Stays exceeding 90 days within the Schengen Area require a long-stay visa from the country where you intend to spend most of your time. Keep in mind that these visas are typically granted for specific reasons (e.g. studying abroad).

Due to individual country visa requirements and each country having its own unique criteria, make sure you have the latest information from your respective embassies for comprehensive and accurate information and to ensure you have the necessary documents and permissions.

What countries are part of the Schengen Area?

The Schengen states, comprising 27 European countries, have an agreement allowing open borders between them. It allows for seamless travel without internal borders. To ensure a hassle-free experience, it's crucial to have your passport stamped upon arrival in the Schengen Area. 

These countries include Austria, Belgium, Croatia, the Czech Republic, Denmark, Estonia, Finland, France, Germany, Greece, Hungary, Iceland, Italy, Latvia, Liechtenstein, Lithuania, Luxembourg, Malta, the Netherlands, Norway, Poland, Portugal, Slovakia, Slovenia, Spain, Sweden, and Switzerland. Additionally, ETIAS applications will also be mandatory for visits to Cyprus, Bulgaria, and Romania.

The following European Union countries do not mandate ETIAS for entry: Albania, Andorra, Belarus, Bosnia and Herzegovina, Ireland, North Macedonia, Moldova, Monaco, Montenegro, Russia, San Marino, Serbia and Ukraine.

Looking to travel to Europe soon? Browse our wide range of affordable guided and self-guided holidays across the continent.

 

Page last updated 6 November 2023.

How I got hooked on self-guided walking holidays

I wish I could remember how I first learned about self-guided walking holidays. The year was 2000. I was 26 years old, and my fiancé was 27. We had recently moved from Chicago to New York City for him to start his ER medical residency and for me to work as a strategy manager at a fashion dot-com start-up within a larger company. 

We were working gruelling hours. Our first chance to take a vacation was in the early fall of that year. Since both of us were avid hikers – and I was a Francophile planning the trip – I somehow stumbled upon a self-guided walking holiday through Haute Provence with Sherpa Expeditions, now known as Walkers' Britain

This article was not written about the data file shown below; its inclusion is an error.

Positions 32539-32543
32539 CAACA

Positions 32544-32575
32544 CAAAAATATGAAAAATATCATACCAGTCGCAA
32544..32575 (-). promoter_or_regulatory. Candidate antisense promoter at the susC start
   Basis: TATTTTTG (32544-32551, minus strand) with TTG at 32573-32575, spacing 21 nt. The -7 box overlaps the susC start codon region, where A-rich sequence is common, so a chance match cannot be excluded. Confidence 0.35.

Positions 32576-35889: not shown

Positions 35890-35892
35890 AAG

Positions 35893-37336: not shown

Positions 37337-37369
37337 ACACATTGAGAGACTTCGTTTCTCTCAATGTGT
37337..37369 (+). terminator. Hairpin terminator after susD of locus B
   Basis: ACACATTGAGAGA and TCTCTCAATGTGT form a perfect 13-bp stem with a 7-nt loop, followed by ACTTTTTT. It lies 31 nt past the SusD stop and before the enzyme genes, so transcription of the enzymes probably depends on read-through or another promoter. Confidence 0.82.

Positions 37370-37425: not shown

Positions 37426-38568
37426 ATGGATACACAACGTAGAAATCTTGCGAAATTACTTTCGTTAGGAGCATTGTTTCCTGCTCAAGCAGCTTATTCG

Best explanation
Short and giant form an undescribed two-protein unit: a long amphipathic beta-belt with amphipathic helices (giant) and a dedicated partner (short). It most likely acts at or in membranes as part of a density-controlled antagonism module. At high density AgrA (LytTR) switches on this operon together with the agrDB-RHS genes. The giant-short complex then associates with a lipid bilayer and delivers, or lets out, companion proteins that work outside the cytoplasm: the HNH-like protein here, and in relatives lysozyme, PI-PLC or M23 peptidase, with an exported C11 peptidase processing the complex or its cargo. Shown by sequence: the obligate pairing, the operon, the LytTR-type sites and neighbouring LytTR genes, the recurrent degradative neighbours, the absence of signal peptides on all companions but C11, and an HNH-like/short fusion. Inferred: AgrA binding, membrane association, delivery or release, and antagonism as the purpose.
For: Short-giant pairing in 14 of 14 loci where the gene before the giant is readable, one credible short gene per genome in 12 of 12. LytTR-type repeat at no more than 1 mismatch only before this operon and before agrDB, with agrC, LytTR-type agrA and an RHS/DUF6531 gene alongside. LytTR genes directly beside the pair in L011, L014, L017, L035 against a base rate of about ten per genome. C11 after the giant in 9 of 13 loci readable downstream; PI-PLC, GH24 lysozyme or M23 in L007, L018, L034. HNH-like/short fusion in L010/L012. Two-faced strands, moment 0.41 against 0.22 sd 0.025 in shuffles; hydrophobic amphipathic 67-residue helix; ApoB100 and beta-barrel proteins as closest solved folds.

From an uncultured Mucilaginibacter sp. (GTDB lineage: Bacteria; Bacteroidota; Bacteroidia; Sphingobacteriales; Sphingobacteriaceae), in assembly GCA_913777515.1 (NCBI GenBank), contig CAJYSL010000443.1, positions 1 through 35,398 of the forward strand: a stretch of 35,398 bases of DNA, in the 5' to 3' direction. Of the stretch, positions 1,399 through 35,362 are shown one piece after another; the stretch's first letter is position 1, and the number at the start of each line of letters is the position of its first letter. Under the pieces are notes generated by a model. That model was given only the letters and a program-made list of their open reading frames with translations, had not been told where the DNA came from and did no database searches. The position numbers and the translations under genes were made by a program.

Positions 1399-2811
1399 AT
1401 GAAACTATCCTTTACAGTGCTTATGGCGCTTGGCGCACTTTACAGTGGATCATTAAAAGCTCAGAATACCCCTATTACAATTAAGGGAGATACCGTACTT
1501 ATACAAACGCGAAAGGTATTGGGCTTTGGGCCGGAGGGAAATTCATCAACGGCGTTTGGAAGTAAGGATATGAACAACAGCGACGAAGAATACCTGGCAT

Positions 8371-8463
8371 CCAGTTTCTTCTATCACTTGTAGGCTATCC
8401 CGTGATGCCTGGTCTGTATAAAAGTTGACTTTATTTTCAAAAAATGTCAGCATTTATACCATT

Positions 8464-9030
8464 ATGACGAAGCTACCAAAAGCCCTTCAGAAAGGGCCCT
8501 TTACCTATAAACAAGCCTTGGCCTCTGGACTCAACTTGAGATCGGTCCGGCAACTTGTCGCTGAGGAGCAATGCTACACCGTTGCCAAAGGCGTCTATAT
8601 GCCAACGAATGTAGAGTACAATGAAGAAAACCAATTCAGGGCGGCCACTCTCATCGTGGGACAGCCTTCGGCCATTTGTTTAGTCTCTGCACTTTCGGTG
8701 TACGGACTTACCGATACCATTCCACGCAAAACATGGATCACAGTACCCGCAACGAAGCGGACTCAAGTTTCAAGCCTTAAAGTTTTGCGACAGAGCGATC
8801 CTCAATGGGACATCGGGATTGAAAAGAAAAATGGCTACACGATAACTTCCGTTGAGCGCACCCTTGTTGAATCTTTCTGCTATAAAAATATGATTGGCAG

Haute Provence throwback |  <i>Janice Moskoff</i>

So, given the trip fulfilled both my requirements – hiking and France, I naturally booked it and bought our plane tickets for Paris that continued to Nice. 

Little did I know then, and as an avid traveller who would eventually spend a year backpacking around the world, that this inn-to-inn walking trip style would become my favourite. And a type of trip that my now husband and I would come back to repeatedly. 

In front of GR4 signage in Haute Provence |  <i>Janice Moskoff</i>

Why did I love self-guided holidays? 

From the moment we left Nice, taking a bus out of the city (the trains were on strike) and winding through the pretty rolling hills in the late afternoon light to our destination at St. Andre-les-Alpes, we could feel the stress and the noise of work and the city fall away. 

The proprietors of our first inn were welcoming and fed us a satisfying meal of steak and mushrooms paired with a cheese plate and wine. We fell asleep that evening full, with quiet country night sounds to lull us. 

In the morning, after an ample breakfast, we followed our route notes and hit the trail. 

We loved the feeling of only having to shoulder our day packs and puzzle out the path ahead, knowing our luggage would continue to the next inn without us. 

Eating a snack in Haute Provence |  <i>Janice Moskoff</i> Haute Provence throwback |  <i>Janice Moskoff</i> Haute Provence throwback |  <i>Janice Moskoff</i>
 

Over our week, as we repeated each day – a new lovely quaint inn, a vigorous beautiful walk to a pretty village, delicious meals of high-quality locally-sourced ingredients, and the freedom to enjoy, explore, and fully absorb our surroundings – I not only fell in love with the beauty of Haute Provence but the sense of quiet discovery to be found on self-guided holiday walking trips as well. 

Haute Provence scenery |  <i>Janice Moskoff</i> Haute Provence throwback |  <i>Janice Moskoff</i> Haute Provence scenery |  <i>Janice Moskoff</i> Janice's husband on the Jordan Trail in Haute Provence |  <i>Janice Moskoff</i> Pear tree in Haute Provence |  <i>Janice Moskoff</i>